Lori Zimmer

Chinese Ship Carrying 22,000 Pounds of Illegal Anteater Meat Crashes into Protected Reef in Philippines

by , 04/16/13
filed under: Animals, News

green design, eco design, sustainable design, Pangolin, smuggled pangolin, Chinese paochers, Tubbataha Reef, Chinese ship crashes into reef, UNESCO protected reef Philippines, scaly anteater

Last week, a Chinese ship crashed into a UNESCO protected reef in the Philippines. As if illegally entering the seas around the World Heritage Site wasn’t enough, authorities found almost 2,000 dead pangolins on board, a protected species also known as a scaly anteater. Pangolin meat and scales are thought to have healing properties in China, and they sell for hundreds of dollars per kilogram. The 12 crew members are currently being held under chargers of poaching and attempted bribery, with further charges concerning trespassing in protected waters and damaging coral pending.


green design, eco design, sustainable design, Pangolin, smuggled pangolin, Chinese paochers, Tubbataha Reef, Chinese ship crashes into reef, UNESCO protected reef Philippines, scaly anteater

Image ©Masteraah

Of the four Asian pangolin species, two are listed as endangered, but as of yet it is unclear which species the bodies found on the vessel come from. The animals were found frozen and rolled up in boxes, with their scales already removed in the cargo of the ship. A ban on pangolin trading has been in effect since 2002, but their popularity has increased the illicit trade in many Asian nations.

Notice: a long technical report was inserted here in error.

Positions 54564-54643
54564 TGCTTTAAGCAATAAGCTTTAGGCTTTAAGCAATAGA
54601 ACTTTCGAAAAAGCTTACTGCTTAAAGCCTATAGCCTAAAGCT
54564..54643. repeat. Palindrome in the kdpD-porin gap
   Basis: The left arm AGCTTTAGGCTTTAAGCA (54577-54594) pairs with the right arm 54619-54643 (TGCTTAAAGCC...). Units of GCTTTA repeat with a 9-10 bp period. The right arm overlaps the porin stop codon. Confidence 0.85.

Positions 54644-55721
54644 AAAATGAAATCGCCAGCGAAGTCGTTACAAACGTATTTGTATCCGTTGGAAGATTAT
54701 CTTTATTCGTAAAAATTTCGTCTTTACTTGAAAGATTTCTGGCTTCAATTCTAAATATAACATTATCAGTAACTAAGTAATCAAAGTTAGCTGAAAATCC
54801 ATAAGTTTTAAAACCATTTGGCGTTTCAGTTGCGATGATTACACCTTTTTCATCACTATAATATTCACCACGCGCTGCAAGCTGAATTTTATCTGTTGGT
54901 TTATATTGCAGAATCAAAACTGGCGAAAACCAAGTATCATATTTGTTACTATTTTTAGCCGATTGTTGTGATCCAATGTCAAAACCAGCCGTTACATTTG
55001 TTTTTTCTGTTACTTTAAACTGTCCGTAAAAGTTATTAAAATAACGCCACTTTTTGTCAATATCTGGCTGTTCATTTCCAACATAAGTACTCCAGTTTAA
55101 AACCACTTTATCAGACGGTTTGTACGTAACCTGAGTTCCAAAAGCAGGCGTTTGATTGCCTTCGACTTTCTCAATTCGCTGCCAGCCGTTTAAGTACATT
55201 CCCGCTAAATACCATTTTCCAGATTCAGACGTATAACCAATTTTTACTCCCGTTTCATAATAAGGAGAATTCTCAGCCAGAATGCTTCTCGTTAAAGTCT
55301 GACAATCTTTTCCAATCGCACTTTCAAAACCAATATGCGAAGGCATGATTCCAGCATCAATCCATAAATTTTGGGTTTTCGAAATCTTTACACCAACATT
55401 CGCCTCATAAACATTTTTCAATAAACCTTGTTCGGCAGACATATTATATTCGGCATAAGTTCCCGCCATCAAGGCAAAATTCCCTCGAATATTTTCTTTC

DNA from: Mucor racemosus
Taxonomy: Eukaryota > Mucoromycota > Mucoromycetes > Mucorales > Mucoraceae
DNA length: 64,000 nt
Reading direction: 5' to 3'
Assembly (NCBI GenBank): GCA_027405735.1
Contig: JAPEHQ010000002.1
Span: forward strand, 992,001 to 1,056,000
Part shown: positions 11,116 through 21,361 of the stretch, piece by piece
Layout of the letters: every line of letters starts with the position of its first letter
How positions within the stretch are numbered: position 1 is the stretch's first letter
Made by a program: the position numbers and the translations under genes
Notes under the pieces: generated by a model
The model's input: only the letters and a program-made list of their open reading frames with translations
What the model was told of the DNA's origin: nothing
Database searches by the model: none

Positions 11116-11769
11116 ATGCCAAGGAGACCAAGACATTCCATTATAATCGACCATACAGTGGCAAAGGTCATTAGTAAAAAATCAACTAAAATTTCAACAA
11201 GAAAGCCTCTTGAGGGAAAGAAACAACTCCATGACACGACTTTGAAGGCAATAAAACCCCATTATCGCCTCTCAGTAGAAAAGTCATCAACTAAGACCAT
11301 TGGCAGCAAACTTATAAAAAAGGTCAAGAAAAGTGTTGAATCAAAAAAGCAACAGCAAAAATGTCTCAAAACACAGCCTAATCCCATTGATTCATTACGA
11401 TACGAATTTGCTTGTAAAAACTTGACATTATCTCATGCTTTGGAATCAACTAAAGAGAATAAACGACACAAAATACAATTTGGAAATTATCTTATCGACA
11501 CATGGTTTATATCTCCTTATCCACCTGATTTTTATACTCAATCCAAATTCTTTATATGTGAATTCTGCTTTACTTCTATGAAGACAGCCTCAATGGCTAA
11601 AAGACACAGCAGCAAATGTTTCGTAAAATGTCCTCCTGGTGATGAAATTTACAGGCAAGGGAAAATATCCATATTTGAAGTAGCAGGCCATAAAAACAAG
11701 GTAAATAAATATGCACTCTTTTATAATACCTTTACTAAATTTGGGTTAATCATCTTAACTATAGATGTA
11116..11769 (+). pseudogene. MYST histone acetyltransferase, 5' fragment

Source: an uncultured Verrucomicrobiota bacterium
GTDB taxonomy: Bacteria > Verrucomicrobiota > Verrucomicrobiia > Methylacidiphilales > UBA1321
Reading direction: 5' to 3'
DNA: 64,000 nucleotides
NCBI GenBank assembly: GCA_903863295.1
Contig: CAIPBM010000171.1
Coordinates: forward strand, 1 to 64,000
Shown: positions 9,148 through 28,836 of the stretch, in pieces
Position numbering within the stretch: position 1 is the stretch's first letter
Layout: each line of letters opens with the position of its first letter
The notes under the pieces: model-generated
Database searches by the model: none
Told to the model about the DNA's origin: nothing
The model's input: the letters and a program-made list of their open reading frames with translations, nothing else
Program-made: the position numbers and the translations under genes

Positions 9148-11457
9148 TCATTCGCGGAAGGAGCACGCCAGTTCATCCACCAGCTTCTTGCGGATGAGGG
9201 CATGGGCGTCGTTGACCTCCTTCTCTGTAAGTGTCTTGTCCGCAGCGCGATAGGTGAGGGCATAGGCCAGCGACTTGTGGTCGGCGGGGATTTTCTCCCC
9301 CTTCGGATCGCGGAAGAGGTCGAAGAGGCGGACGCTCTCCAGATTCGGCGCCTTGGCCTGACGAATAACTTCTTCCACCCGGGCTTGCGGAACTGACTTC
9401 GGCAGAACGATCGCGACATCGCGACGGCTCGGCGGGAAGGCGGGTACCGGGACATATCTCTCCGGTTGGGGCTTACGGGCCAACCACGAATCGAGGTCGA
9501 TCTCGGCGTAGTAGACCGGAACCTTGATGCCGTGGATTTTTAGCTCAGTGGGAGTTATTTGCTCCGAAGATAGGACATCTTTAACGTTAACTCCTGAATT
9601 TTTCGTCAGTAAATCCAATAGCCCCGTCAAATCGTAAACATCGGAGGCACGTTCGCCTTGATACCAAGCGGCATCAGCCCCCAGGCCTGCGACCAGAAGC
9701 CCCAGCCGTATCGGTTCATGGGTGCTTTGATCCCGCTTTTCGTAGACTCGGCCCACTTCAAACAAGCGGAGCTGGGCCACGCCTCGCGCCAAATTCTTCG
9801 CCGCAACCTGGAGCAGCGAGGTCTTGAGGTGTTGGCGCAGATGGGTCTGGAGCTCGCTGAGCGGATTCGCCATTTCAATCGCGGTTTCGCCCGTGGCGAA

Aside from being charged with animal poaching, the Chinese crew faces charges for damaging the Tubbataha marine sanctuary, which they claim they accidentally wandered into from Malaysia. Earlier this year, a US Navy ship struck this same reef, and required a complete dismantling after it became stuck. It is unclear what chargers or fines the Chinese fishermen may face for the reef damage, but poaching and possession of pangolin are crimes that carry penalties of 12 years and 6 years in prison, respectively, as well as up to $300,000 in fines.

Via NBC World News

Images © romana klee and © Masteraah

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